By Jessica Corbett
"We are witnessing an assault on the poor, on immigrants, on black and brown people, and on the Earth, and we can't let it happen any longer."
In Washington, D.C. and more than two dozen states across the country on Monday, February 5, 2018, supporters of the Poor People's Campaign: A National Call for Moral Revival gathered to kick off 40 days of "moral action" to highlight "the human impact of policies which promote systemic racism, poverty, the war economy, and environmental devastation."
Led by co-chairs Reverend Dr. William J. Barber and Reverend Dr. Liz Theoharis—and inspired by Reverend Dr. Martin Luther King Jr.'s original Poor People's Campaign in the late 1960s—the campaign, which was announced last year, livestreamed a press conference from D.C. and delivered to lawmakers a letter outlining their demands for policy changes.
Barber, in a series of tweets, denounced rampant voter suppression, systemic poverty, a lack of living wages, ecological devastation, and "Christian nationalism," emphasizing an urgent need for sweeping changes in public policy on a national scale.
"We are tired of a dog-eat-dog system of life," declared Reverend Saeed Richardson, director of policy for the Chicago Renewal Society.
"We are witnessing an assault on the poor, on immigrants, on Black and Brown people, and on the Earth," said Reverend Joan Javier-Duval in Vermont, "and we can't let it happen any longer."
"This is about fighting injustice anywhere so that we don't let ourselves lose the vision of what America can be," noted Diana Martinez of the pro-immigrant Kansas/Missouri Dream Alliance. "Because when racism and nativism become the rule of law it hurts all of us."
Participants from events across the U.S. shared on social media messages, photos, and videos depicting the goals of the #PoorPeoplesCampaign.
Common Dreams, February 5, 2018
https://www.commondreams.org/news/2018/02/05/decrying-dog-eat-dog-system-poorpeoplescampaign-kicks-40-days-moral-action

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SOLIDARITY with SERVERS — PLEASE CIRCULATE!
From Clifford Conner

Dear friends and relatives

Every day the scoundrels who have latched onto Trump to push through their rightwing soak-the-poor agenda inflict a new indignity on the human race.  Today they are conspiring to steal the tips we give servers in restaurants.  The New York Times editorial appended below explains what they're trying to get away with now.

People like you and me cannot compete with the Koch brothers' donors network when it comes to money power.  But at least we can try to avoid putting our pittance directly into their hands.  Here is a modest proposal:  Whenever you are in a restaurant where servers depend on tips for their livelihoods, let's try to make sure they get what we give them.

Instead of doing the easy thing and adding the tip into your credit card payment, GIVE CASH TIPS and HAND THEM DIRECTLY TO YOUR SERVER. If you want to add a creative flourish such as including a preprinted note that explains why you are doing this, by all means do so.  You could reproduce the editorial below for their edification.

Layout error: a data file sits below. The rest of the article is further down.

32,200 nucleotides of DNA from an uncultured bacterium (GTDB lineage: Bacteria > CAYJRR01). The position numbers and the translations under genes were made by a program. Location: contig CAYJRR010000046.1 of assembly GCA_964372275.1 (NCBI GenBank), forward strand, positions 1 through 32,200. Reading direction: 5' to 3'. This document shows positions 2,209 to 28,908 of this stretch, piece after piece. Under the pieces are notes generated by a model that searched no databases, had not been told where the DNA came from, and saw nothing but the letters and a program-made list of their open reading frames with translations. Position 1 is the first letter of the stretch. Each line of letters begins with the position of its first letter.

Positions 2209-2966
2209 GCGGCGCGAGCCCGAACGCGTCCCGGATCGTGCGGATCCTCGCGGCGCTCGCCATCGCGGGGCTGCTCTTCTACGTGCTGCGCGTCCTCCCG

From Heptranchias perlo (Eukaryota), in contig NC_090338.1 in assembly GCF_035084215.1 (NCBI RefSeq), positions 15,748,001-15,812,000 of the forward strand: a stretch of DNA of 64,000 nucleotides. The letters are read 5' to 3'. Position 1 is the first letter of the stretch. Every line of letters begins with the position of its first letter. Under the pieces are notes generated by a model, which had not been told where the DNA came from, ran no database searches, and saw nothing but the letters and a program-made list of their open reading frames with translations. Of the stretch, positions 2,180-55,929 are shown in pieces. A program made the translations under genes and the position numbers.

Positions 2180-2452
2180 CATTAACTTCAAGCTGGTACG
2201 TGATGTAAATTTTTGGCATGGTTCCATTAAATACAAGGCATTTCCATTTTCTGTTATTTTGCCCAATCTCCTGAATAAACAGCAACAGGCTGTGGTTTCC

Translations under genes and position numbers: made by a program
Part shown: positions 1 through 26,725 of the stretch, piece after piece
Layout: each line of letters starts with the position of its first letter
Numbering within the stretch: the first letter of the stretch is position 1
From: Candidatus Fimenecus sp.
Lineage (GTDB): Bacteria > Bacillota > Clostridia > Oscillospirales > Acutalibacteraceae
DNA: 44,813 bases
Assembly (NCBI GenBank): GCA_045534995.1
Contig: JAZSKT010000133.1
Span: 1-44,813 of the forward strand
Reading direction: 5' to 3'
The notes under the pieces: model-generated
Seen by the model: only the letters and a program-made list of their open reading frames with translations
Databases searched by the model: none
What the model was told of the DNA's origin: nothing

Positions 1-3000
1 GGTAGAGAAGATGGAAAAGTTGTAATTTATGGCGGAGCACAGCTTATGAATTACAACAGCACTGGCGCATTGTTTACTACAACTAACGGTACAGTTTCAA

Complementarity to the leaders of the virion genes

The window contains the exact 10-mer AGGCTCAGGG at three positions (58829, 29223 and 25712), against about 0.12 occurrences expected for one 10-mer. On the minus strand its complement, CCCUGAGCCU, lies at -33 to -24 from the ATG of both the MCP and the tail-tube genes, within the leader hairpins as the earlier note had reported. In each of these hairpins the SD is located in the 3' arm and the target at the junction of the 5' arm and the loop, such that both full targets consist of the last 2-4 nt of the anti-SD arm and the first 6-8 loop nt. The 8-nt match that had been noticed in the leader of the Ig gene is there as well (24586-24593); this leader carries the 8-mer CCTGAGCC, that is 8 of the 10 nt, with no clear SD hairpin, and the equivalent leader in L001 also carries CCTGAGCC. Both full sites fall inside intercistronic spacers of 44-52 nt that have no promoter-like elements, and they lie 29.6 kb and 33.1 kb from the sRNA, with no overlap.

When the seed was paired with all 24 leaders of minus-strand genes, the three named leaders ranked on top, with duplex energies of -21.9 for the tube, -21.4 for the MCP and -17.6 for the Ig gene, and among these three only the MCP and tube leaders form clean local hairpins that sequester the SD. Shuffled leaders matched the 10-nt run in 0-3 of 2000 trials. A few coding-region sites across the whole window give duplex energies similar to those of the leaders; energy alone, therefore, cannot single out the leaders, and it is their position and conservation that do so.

If you want to do this, be sure to check your wallet before entering a restaurant to make sure you have cash in appropriate denominations.

This is a small act of solidarity with some of the most exploited members of the workforce in America.  Perhaps its symbolic value could outweigh its material impact.  But to paraphrase the familiar song: What the world needs now is solidarity, sweet solidarity.

If this idea should catch on, be prepared for news stories about restaurant owners demanding that servers empty their pockets before leaving the premises at the end of their shifts.  The fight never ends!

Yours in struggle and solidarity,

Cliff

The Trump Administration to Restaurants: Take the Tips!
The New York Times editorial board, December 21, 2017
Most Americans assume that when they leave a tip for waiters and bartenders, those workers pocket the money. That could become wishful thinking under a Trump administration proposal that would give restaurants and other businesses complete control over the tips earned by their employees.
The Department of Labor recently proposed allowing employers to pool tips and use them as they see fit as long as all of their workers are paid at least the minimum wage, which is $7.25 an hour nationally and higher in some states and cities. Officials argue that this will free restaurants to use some of the tip money to reward lowly dishwashers, line cooks and other workers who toil in the less glamorous quarters and presumably make less than servers who get tips. Using tips to compensate all employees sounds like a worthy cause, but a simple reading of the government's proposal makes clear that business owners would have no obligation to use the money in this way. They would be free to pocket some or all of that cash, spend it to spiff up the dining room or use it to underwrite $2 margaritas at happy hour. And that's what makes this proposal so disturbing.
The 3.2 million Americans who work as waiters, waitresses and bartenders include some of the lowest-compensated working people in the country. The median hourly wage for waiters and waitresses was $9.61 an hour last year, according to the Bureau of Labor Statistics. Further, there is a sordid history of restaurant owners who steal tips, and of settlements in which they have agreed to repay workers millions of dollars.
Not to worry, says the Labor Department, which argues, oddly and unconvincingly, that workers will be better off no matter how owners spend the money. Enlarging dining rooms, reducing menu prices or offering paid time off should be seen as "potential benefits to employees and the economy over all." The department also assures us that owners will funnel tip money to employees because workers would quit otherwise.